Group Two strugglers dig deep after Surrey dangle carrot but chase fizzles out after drizzle
Middlesex 160 (Simpson 68, Clark 4-41, Roach 4-61) and 250 for 6 (Gubbins 124, Handscomb 70, Roach 5-86) drew with Surrey 190 (Burns 64, Stoneman 63) and 259 for 2 dec. (Burns 104*, Stoneman 74)
Gubbins tucked into Amar Virdi – the only spinner used across the four days – by cutting, working, paddle-sweeping and then dumping him into the JM Finn Stand, bringing up his hundred as the floodlights took over by scrambling a single to mid-off. With the field spread, he scampered ones and twos with Handscomb to keep the required rate in check in a stand eventually worth 172 in 33.2 overs, and the equation was 74 to win from 78 balls before a brief stoppage for the lightest of drizzle.
When Roach cleaned up Martin Andersson with a cutter to complete his five-for in his final game as a Surrey player, giving him 19 wickets in his last two appearances at The Oval, it looked like he had might even have given them a sniff of an improbable win. But Burns kept the boundary-riders out for too long, and by the time he brought them into the ring, the moment had passed. Fist-bumps followed, and the crowd traipsed home.
There is no greater burden than unfulfilled potential and Gubbins knows that only too well. He was the second-leading run-scorer in Division One when Middlesex charged to the title in 2016 with 1409 runs at 61.26, but has not managed as many as 600 in a Championship season since. Five years ago, a Test cap was only a question of timing, but at 27, he has not been in the England conversation for some time and his first-class average is hovering the wrong side of 35.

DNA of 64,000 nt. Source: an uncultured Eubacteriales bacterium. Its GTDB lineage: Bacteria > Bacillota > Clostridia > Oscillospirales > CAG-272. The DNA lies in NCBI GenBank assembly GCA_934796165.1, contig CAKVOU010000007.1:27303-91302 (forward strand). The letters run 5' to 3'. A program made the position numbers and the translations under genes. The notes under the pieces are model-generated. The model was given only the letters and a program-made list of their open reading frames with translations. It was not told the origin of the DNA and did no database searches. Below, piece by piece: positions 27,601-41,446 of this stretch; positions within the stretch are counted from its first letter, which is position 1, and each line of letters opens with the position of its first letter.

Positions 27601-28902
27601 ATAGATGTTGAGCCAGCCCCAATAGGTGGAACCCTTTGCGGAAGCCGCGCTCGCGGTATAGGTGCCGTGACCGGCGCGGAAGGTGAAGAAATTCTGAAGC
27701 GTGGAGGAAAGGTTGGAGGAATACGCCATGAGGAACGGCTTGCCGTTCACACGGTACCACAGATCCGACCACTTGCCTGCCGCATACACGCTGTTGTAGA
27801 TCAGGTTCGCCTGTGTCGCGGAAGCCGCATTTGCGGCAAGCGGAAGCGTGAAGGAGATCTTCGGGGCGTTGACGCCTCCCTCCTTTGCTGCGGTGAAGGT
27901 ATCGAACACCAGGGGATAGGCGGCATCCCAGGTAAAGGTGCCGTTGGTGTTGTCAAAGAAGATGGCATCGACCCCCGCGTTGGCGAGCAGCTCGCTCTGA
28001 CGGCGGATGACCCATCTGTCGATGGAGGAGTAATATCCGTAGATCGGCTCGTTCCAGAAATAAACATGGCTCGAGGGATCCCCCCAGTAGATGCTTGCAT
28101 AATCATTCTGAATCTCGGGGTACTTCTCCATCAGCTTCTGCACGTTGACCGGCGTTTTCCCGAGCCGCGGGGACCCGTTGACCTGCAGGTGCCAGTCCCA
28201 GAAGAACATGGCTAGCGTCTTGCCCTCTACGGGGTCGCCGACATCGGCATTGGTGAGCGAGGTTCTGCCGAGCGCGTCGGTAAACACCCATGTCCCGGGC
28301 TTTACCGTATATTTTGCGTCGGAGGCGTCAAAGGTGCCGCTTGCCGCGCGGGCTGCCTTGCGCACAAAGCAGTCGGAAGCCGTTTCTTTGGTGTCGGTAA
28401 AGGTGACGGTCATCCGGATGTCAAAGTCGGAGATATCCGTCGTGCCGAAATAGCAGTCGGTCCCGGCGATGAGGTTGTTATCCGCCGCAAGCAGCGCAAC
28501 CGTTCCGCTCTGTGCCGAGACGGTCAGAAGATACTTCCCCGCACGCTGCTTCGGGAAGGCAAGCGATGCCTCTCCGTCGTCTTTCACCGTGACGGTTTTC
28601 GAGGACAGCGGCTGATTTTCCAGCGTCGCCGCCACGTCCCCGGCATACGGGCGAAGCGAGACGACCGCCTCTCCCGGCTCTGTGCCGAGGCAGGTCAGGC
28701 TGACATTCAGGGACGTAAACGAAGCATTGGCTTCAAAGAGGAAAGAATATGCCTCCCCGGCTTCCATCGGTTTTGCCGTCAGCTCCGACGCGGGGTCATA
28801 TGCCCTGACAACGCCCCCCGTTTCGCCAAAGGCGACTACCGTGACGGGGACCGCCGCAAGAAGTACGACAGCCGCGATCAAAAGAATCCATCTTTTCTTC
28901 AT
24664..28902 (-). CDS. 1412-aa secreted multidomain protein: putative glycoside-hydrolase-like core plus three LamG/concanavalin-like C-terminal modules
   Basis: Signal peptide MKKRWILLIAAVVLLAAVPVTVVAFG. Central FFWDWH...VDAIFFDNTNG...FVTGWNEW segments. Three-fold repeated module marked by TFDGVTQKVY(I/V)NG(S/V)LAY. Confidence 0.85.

But this hundred – his second in as many games at The Oval – was an innings of high class, dominated by clips and pulls through straight midwicket and cuts and drives to cover-point. It was the sort of innings that makes the right people take notice, not least with the Sky cameras in town: belligerent against spin, fluent in tempo, and determined against Roach, one of the world’s most prolific Test seamers against left-handers. Gubbins’ contract is up at the end of the season, and if he decides that he wants a home ground with better pitches than Lord’s – “it does make it slightly more enjoyable for us batters when you get on a wicket where you feel like you can score runs if you play well,” he told Sky after – then there would be plenty of prospective suitors.
Four of Roach’s five wickets came as Middlesex were desperately searching for quick runs but that did little to diminish the send-off he received from those in the crowd who had stuck it out in the late-evening squall. “It was overcast conditions and the ball was shined up nicely but it just didn’t do anything, so we found it pretty tough,” he said. “Hopefully I can come back again: I’m definitely willing and able – but international duties call.”
Indeed, it will be a very different Surrey side against Gloucestershire next week: Sean Abbott has arrived and will come straight in for Roach, while Burns, Ollie Pope and Ben Foakes will be on Test duty and Jason Roy and the Currans are expected to remain unavailable following their post-IPL quarantine. The draw leaves them with an uphill task to finish in the top two and qualify for Division One, while Middlesex look destined for the bottom two despite their spirited efforts this week.
Matt Roller is an assistant editor at ESPNcricinfo. @mroller98